Pepe also has some buoyancy issues, which we are monitoring, and she has an infection in her right front flipper stump. We are taking special care to ensure tank hygiene and have increased the frequency of wound cleaning to stay on top of the infection. Thankfully, her wound from the trimming seems to be healing well.

The Resident Patients

Jazeera – Arrived 24 April 2022

Closeup of turtle patient Jazeera, mouth open. Image.

Jazeera’s surgical site seems to be healing well. We removed his stitches two weeks ago, and he has continued to eat and dive well. Jazeera has quite a personality – he finishes his food in seconds, and, surprisingly, is the fastest swimmer amongst all our sea turtle patients.

Hopefully, we will be able to release Jazeera once he finishes his course of antibiotics.

Crwban – Arrived 8 March 2022

Turtle patient Crwban closeup. Image.

Earlier last month, Crwban continued to show positive buoyancy at rest, which could be normal behavior, given his age. He is however able to fight the buoyancy to get down to the bottom of the tank for food using his flipper movements. In fact, just last week we saw him actively dive for freshly caught crabs, so we are hopeful that with dedicated training, Crwban will be able to overcome his buoyancy.

The good news is that there was no abnormality detected in his most recent X-rays and his white blood cell counts too dropped to within normal limits mid last month. We have put Crwban on dive training for his buoyancy control, and are also planning on taking him out for swims.

Leonardo – Arrived 14 February 2022

Turtle patient Leonardo closeup. Image.

We stopped Leonardo’s buoy training temporarily this week after he ingested a husk string from the buoy and defecated it. We are looking into re-designing the buoy to reduce the risk of ingestion.

In other news, we are delighted to see Leo make good progress with his diving. Earlier last month, he started diving deeper during feeding sessions, and even moved on to diving voluntarily without encouragement. Towards the end of the month, Leo was spotted resting at the bottom of the tank comfortably. We also observed him reach for his food at different depths in the water column, exhibiting perfect dive control.

Despite this tremendous improvement, Leo gradually began losing functionality of his right front flipper. Repeat radiography and bloodwork revealed a degeneration of the bone at the right front flipper, which had been earlier diagnosed as a fungal origin. We immediately initiated medical therapy and will continue to monitor Leo’s right front flipper closely for changes.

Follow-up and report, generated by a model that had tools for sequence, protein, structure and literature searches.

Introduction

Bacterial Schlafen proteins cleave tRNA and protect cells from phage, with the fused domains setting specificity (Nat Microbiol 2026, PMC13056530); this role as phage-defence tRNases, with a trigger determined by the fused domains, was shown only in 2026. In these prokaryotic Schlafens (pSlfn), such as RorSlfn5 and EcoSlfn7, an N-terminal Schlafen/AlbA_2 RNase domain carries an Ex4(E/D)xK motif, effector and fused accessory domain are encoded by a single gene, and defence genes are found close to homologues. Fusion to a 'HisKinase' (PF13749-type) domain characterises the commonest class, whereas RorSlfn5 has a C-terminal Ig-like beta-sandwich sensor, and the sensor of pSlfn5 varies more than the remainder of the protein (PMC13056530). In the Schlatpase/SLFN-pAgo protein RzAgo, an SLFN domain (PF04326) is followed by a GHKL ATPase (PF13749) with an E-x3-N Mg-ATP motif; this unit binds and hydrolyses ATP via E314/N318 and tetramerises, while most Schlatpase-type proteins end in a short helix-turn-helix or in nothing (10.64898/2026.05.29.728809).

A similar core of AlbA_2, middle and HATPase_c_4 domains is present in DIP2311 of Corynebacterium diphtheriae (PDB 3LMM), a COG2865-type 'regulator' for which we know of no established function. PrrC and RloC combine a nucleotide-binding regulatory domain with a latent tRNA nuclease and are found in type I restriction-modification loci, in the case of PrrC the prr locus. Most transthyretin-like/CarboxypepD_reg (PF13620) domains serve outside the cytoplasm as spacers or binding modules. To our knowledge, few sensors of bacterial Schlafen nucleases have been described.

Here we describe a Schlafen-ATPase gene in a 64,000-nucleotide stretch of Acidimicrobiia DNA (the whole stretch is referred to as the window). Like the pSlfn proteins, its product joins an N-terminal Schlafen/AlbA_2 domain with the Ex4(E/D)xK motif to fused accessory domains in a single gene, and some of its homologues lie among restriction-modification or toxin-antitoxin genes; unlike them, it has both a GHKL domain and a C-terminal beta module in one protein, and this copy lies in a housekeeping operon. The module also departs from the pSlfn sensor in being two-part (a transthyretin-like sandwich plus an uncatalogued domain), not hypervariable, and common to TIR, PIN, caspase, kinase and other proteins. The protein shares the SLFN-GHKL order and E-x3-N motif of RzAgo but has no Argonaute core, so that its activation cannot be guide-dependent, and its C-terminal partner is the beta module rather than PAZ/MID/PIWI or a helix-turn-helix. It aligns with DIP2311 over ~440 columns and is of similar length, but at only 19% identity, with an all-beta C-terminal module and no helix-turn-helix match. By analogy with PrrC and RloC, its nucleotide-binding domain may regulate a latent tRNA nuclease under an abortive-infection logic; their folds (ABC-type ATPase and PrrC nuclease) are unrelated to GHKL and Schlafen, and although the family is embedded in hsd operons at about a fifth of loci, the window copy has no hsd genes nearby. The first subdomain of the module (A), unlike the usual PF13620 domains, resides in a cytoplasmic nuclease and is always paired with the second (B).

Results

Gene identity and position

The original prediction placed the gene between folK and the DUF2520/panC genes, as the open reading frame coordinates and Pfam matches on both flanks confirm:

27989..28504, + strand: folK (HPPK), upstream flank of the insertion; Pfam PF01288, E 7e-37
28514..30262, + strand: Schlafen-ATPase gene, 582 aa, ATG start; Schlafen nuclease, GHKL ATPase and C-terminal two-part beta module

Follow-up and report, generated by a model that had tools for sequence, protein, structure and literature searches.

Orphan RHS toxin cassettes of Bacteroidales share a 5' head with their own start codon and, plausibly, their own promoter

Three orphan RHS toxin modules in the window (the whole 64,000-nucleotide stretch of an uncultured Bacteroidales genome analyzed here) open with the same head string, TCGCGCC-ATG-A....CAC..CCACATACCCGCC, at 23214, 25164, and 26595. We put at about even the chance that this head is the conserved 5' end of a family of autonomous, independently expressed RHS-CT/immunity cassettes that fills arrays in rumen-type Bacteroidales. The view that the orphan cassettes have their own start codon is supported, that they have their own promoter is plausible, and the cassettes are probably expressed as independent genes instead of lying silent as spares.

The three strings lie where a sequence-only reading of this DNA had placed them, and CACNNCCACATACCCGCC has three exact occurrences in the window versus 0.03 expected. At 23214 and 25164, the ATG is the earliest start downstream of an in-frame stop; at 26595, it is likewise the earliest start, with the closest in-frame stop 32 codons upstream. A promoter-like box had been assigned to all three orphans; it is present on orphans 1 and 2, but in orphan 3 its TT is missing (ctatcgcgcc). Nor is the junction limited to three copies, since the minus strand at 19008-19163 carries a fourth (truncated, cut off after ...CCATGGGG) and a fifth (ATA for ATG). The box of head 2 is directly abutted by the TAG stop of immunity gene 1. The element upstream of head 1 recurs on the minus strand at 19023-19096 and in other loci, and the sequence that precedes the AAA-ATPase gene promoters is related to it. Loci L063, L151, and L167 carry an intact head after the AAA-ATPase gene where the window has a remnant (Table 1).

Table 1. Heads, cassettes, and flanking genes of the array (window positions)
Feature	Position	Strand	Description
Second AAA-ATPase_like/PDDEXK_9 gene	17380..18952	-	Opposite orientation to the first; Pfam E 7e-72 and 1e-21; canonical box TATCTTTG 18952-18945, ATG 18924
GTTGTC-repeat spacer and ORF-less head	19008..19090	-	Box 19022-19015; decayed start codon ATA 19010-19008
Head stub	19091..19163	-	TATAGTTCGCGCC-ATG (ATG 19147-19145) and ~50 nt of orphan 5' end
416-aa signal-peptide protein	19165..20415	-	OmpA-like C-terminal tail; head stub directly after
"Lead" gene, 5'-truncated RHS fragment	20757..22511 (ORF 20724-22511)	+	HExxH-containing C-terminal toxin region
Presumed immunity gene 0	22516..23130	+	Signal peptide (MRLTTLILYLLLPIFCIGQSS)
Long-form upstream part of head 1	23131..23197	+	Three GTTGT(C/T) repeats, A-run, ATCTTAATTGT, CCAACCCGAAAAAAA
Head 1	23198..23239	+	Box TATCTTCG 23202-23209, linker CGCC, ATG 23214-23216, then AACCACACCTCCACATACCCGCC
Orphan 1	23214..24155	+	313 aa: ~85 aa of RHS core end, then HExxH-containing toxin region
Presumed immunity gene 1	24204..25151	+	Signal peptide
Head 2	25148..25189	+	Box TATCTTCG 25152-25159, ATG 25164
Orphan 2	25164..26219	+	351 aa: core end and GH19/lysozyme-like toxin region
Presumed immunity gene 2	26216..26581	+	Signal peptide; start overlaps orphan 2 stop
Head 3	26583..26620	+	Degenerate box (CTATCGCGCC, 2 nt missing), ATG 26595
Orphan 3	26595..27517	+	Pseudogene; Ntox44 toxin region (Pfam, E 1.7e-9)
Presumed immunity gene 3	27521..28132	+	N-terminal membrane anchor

Kalo – Arrived 20 January 2022

Turtle pateint Kalo admiring his own refelction. Image.

Similar to Leonardo, we stopped the buoy training for Kalo due to the possibility of foreign body ingestion. He was otherwise making improvements with his diving, although it was limited to his feeding times. Over much of last month, Kalo hadn’t shown any voluntary diving attempts so we transferred him to to the Rehabilitation Centre at One&Only Reethi Rah, to ensure he had greater room to practice his diving in the big tank there.

Once at the Rehabilitation Center, Kalo took a while to resume his feeding, and as of last week he has slowly been eating mussels, lobster heads, and prawns. Just last week, Kalo began sitting lower in the water and has now been actively trying to dive with each new day, so we hope it won’t be long before he is ready to be released!

Tibby – Arrived 26 July 2021

Turtle patient Tibby in her tank. Image.

Tibby was transferred from the Rehabilitation Centre at One&Only Reethi Rah back to the Rescue Center as she had not been eating for a week and therefore required a thorough diagnostic.

She seemed a little upset at first but was eventually found resting comfortably at the bottom of the tank within a day. Once Tibby adjusts to her new environment, we will schedule a health check-up for her!

Heidi – Arrived 21st April 2018

Turtle patient Heidi swimming in his tank. Image.

Last month Heidi helped us pilot some new satellite tags we are trying. He looked very depressed with the pilot tag placement and did not dive when he was taken out for a swim. The stress behaviours gradually diminished after the removal of tag within 48 hours from placement.

Now, for the great great news – Heidi’s travel permit is finally ready! We’ll be working closely with the National Marine Aquarium in Plymouth to organise Heidi’s transport from the Maldives to his forever home in a much larger tank in the aquarium. In Plymouth he will become an ambassador for other turtles who suffer entanglement in ghost nets all around the world.